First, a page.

My name is Kari Ross Nelson. I am the Research and Evaluation Associate at Thanksgiving Point Institute and an independent consultant to museums and other informal learning organizations in the greater Salt Lake City area. My team at Thanksgiving Point is the research partner on an IMLS-funded project, Measurement of Museum Social Impact (MOMSI). This post shares background about and lessons learned from MOMSI.
Questions of impact were being raised even before challenges of the COVID-19 pandemic and racial and social inequities in the US over the past few years. Those questions are even more critical now, not only due to competitive funding opportunities, but to living true to the core values museums espouse. By developing an open-access toolkit, the MOMSI project aims to help museums of all sizes to assess their social impact and evaluate themselves in terms of service to their communities.
In today’s social climate, many in the museum field feel the need to evaluate their past and current practices and strategize what kind of impact they want to have. In fact, the 2022-2025 strategic plan for the American Alliance of Museums lists “Social and Community Impact” as one of four priorities. When museum professionals talk about making an impact, often they are referring to the educational, economic, and social dimensions. The first two are relatively straightforward to document. Social dimensions, however, are more nuanced. Yet measuring social impact is one way museums can move forward and evaluate how they are (or are not) of service to their community.
At MOMSI, we’re defining social impact as the effect of an activity on the social fabric of a community and the well-being of the individuals and families who live there, and measuring it based on four long-term outcomes: health and wellbeing, valuing diverse communities, continued education and engagement, and strengthened relationships. The project has recruited 38 museums across the United States to pilot an instrument that generates data about the social impact of museums on individuals in their communities, while informing a toolkit (available late 2023) that will increase the capacity of museums to address this need individually in the future.
Recognize that measuring impact is tricky! As with any evaluation, start by defining what you mean by “impact” and your organization’s motivations for wanting to know about it.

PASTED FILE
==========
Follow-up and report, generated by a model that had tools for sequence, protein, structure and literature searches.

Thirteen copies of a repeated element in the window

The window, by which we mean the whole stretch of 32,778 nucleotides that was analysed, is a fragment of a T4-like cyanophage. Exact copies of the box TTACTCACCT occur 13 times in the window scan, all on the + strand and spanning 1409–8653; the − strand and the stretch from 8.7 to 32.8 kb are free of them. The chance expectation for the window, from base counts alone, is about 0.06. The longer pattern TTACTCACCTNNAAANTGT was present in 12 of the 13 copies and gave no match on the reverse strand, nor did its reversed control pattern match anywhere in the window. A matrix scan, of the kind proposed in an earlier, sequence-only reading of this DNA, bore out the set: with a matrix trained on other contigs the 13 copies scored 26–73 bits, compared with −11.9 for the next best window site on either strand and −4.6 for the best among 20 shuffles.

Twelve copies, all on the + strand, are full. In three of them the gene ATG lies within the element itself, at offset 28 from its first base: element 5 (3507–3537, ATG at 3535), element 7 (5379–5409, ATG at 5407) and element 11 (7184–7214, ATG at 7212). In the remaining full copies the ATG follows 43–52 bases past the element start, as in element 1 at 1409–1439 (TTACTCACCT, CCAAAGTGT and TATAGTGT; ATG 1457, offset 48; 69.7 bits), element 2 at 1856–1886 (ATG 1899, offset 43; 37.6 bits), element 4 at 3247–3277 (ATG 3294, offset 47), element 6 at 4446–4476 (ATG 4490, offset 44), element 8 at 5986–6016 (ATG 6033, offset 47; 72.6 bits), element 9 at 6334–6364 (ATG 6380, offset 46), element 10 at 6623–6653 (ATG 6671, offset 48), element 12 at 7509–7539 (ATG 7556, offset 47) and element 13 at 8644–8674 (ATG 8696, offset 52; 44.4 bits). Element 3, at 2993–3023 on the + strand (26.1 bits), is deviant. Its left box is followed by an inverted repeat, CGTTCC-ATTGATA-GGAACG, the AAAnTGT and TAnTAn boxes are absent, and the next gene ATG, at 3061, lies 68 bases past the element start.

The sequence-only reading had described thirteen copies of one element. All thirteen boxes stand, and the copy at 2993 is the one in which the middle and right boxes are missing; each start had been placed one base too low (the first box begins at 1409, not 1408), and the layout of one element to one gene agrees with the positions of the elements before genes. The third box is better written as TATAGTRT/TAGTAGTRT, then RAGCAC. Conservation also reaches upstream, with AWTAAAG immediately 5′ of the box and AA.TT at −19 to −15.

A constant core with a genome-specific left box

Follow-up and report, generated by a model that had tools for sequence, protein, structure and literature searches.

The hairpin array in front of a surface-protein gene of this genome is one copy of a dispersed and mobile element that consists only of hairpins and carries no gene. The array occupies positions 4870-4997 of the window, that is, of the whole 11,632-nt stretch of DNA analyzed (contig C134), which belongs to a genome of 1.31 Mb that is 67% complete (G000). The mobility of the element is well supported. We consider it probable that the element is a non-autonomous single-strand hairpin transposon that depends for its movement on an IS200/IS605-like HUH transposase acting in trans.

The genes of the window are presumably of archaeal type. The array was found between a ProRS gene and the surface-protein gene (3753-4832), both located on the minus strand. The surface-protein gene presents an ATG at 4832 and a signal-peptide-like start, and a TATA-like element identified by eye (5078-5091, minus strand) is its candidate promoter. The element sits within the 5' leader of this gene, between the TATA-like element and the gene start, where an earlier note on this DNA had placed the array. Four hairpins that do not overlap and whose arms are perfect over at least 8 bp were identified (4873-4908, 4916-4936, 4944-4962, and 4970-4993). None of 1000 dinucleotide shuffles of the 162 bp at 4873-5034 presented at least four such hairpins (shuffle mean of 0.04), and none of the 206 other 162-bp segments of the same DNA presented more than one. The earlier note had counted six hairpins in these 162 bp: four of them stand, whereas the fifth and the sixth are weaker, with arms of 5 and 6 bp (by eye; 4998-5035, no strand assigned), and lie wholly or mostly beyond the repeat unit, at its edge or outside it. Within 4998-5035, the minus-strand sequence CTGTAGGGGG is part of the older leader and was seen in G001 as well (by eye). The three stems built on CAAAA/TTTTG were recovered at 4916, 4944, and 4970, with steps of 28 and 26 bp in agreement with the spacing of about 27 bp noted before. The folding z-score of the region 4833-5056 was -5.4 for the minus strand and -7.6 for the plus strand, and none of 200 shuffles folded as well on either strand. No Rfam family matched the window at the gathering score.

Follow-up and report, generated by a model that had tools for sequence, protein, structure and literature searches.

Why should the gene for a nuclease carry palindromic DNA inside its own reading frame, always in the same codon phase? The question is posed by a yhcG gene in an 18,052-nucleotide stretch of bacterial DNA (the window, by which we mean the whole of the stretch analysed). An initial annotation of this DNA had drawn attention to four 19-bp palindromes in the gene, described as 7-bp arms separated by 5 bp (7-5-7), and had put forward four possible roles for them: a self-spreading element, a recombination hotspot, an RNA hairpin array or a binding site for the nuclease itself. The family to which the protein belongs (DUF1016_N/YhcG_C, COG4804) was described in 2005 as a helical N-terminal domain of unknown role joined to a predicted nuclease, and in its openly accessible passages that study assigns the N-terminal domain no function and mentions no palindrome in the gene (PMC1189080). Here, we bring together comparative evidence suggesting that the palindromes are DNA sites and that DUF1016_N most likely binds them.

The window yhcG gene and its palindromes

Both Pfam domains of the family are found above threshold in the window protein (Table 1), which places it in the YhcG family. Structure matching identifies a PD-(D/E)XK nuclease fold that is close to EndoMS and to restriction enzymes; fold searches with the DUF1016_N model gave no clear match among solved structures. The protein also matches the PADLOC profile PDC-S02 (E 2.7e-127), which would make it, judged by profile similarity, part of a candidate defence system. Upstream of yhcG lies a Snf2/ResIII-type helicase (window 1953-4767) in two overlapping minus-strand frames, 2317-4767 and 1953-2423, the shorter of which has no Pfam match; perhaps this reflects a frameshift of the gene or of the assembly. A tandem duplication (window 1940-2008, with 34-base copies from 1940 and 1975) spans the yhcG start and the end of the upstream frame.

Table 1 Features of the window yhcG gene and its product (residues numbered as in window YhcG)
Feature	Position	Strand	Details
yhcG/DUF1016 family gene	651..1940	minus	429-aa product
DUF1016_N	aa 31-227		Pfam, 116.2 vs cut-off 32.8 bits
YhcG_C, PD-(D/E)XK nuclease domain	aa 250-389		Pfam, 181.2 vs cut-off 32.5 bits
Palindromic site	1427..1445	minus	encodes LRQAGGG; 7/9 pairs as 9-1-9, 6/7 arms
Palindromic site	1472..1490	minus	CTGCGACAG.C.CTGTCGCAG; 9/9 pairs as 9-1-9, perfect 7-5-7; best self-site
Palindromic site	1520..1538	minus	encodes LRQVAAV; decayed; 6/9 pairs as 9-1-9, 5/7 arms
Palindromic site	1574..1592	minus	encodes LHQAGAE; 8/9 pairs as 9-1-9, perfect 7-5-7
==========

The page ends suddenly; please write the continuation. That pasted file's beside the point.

Developing a vetted and validated instrument is a complex undertaking. If this is not part of your existing skill set, gather advisors who can guide you through the process, and be prepared for it to take time.
Be prepared to defend your methods choices. There are a lot of definitions of impact, approaches to measuring it, and, as we’ve found, a lot of people who will closely examine your work.
Likewise, be open to critique. Sharing your work at conferences is a great way to get helpful feedback, but be prepared to be pushed to new levels. We’ve dreaded some feedback we’ve received knowing it means extra effort, but the increased validity and earned credibility is worth it (see “be prepared to defend your methods” above!)
- Measuring museum impact and performance: theory and practice: Museum analyst and planner John W. Jacobsen provides the theoretical underpinnings as well as the practical application of measuring a museum’s impact. He presents 1,025 indicators drawn from 51 expert sources, allowing individual museums to consider their own priorities and purposes for measuring impact.
- Measurement theory and applications for the social sciences: Yes, a textbook, but a very useful reference! It begins with a history of measurement, then thoughtfully guides the reader through scale development, item writing and analysis, and reliability and validity, as well as more advanced topics.
- MOMSI Project: The website of the MOMSI project. You’ll find a description of the project and updates on current progress.
I have no doubt many reading this will have additional hot tips and rad resources for measuring social impact. Please share them in the comments below!
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